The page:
Naturally, everyone is displaying stickers on their breast that say, "I Voted!", trying to find out which candidates or issues everyone around them voted for, and feeling quite proud of themselves for doing their civic duty...
|We've all seen this common, pride-boosting behavior.|
...while trying to guilt everyone around them into doing the same.
Whether you chose not to vote or whether you just didn't feel like wearing a sticker doesn't seem to matter to many of these people. They'll try to give you the civic duty lecture, regardless.
The only way to avoid these people, really, is to grab a sticker of your own from the polling place, wearing it as a shield, or swiping one from someone who was silly enough to keep it in an area that isn't very well guarded. Like a purse or a coat.
There's no escaping it... unless, of course, you hide in your home and draw the blinds.
But that's no fun.
So how do you get away from all of that election day excitement if you don't fall into the sticker sporting category?
Create your own question/answer game. Here are a few ideas.
Draw attention to something else by asking another question that's related to their question, yet has nothing to do with politics.
Bonus points if you can come up with a question that has a very simple yes/no answer, yet still causes most people to stop and think long and hard.
Sticker Sporting Friend:
"Where's your sticker?"
"Do you think the red on those stickers is made using Red Dye #40?"
In case you're wondering, no. Red Dye #40 is absolutely not used on those stickers. It's used as an additive in food and medicine.
However, if you're as active at trying to go green as I am, the question will stop just about anyone in their tracks. Why? Because they'll assume the question is valid, regardless of what they've learned.
Manipulative? Yes. But it's also rather fun...
Deflect the question with something that happened in history that occurred on the same day.
Bonus if your own question has some sort of vague ties to politics, yet has nothing to do with the current election.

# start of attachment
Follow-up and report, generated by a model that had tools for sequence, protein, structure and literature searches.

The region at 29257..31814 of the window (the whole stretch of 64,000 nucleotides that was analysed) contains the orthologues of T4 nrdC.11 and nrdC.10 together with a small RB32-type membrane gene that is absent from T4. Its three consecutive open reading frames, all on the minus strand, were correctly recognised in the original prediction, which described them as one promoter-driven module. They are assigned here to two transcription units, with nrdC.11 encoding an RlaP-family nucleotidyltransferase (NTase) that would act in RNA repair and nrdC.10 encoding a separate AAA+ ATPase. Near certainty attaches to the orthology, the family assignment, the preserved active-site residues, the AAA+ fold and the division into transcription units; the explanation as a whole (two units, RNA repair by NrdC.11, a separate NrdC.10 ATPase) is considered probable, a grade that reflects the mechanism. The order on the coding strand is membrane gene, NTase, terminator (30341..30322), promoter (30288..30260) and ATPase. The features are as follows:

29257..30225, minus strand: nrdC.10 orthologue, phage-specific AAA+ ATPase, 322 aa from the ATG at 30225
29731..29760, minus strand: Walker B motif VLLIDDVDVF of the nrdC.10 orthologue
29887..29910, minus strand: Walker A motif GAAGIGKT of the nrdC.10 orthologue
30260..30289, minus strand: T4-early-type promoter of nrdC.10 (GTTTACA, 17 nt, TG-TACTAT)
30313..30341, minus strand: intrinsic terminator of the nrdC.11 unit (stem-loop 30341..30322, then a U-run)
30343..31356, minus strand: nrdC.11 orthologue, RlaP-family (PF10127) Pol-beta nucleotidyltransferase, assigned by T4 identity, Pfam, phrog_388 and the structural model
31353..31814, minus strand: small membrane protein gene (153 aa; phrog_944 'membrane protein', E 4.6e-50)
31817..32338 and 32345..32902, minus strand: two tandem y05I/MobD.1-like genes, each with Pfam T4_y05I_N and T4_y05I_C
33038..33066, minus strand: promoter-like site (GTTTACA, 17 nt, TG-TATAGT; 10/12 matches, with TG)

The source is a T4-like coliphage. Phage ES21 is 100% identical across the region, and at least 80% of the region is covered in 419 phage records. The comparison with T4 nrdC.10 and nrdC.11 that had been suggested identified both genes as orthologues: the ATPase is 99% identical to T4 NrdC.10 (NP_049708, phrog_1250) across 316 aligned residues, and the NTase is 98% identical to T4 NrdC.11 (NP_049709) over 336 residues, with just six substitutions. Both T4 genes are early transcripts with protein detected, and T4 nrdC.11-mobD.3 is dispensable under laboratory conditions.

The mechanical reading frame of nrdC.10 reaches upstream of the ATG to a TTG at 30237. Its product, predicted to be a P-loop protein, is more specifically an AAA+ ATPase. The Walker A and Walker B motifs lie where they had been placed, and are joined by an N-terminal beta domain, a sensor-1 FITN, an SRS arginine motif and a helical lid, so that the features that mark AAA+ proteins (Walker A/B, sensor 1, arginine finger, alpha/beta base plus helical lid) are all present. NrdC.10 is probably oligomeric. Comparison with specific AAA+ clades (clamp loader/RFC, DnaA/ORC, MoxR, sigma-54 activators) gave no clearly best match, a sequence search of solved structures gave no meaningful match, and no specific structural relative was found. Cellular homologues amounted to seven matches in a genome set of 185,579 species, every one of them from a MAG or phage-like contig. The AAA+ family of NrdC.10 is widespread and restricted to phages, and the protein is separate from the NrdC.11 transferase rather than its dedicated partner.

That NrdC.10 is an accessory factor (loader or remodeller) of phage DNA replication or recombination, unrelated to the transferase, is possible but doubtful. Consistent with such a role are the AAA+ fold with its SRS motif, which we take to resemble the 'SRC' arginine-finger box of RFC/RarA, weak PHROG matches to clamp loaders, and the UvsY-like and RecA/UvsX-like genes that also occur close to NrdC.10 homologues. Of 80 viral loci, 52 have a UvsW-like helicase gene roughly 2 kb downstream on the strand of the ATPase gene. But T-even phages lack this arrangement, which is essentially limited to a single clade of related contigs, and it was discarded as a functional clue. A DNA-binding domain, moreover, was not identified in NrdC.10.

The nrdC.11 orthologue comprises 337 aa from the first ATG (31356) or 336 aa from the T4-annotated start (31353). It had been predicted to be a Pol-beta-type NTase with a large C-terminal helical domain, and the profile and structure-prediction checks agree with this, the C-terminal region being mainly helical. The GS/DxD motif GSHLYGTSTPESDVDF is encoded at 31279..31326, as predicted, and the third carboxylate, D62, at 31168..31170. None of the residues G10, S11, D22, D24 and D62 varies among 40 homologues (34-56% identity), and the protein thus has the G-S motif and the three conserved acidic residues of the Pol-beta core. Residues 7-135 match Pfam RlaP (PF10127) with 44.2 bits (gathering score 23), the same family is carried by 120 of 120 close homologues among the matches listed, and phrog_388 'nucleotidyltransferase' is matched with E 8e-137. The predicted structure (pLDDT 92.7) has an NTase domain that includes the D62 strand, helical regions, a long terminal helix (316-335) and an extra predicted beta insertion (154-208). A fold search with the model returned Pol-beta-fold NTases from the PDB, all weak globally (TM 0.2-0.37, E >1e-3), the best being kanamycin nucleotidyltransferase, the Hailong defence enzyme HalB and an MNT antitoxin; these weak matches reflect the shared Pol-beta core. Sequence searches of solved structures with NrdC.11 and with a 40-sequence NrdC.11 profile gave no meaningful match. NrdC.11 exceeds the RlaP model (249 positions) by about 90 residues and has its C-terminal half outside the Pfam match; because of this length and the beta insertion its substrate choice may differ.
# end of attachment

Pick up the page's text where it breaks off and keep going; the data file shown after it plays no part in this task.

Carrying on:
Sticker Sporting Friend:
"So.... Who'd you vote for?"
"That brings up an interesting question. Today in 1854, John Philip Sousa was born... I wonder how he would have voted? And... Abraham Lincoln was elected president today in 1860. How cool is that?"
Generally, using this method will bring on a completely different conversation than what your sticker sporting friend had originally planned. Even if it doesn't, it'll make it much easier for you to switch topics.
Answering a question with a question is always the best way to deflect a conversation that you don't want to partake in.
Normally, I'd probably have a lot of fun jumping right into the thick of it - minus the annoying sticker. I find them rather wasteful. Think about how many people are wearing those things today.
Now consider how many people were able to grab more than one.
Now, mentally throw them all into trash bags after their one day of use expires.
That's a lot of trash.
This year, there were just too many issues ignored... like the environment. I have no real drive to jump into the "whose candidate will win?" drama.
Instead, I'll be deflecting those questions while doing what I can to get my garden ready for the winter.
Are you as sick of the political drama this year as I am? What do you do to deflect the questions of your overly political friends on Election Day?
Comment with your own methods... it just many help someone somewhere to deal with their sticker sporting friends!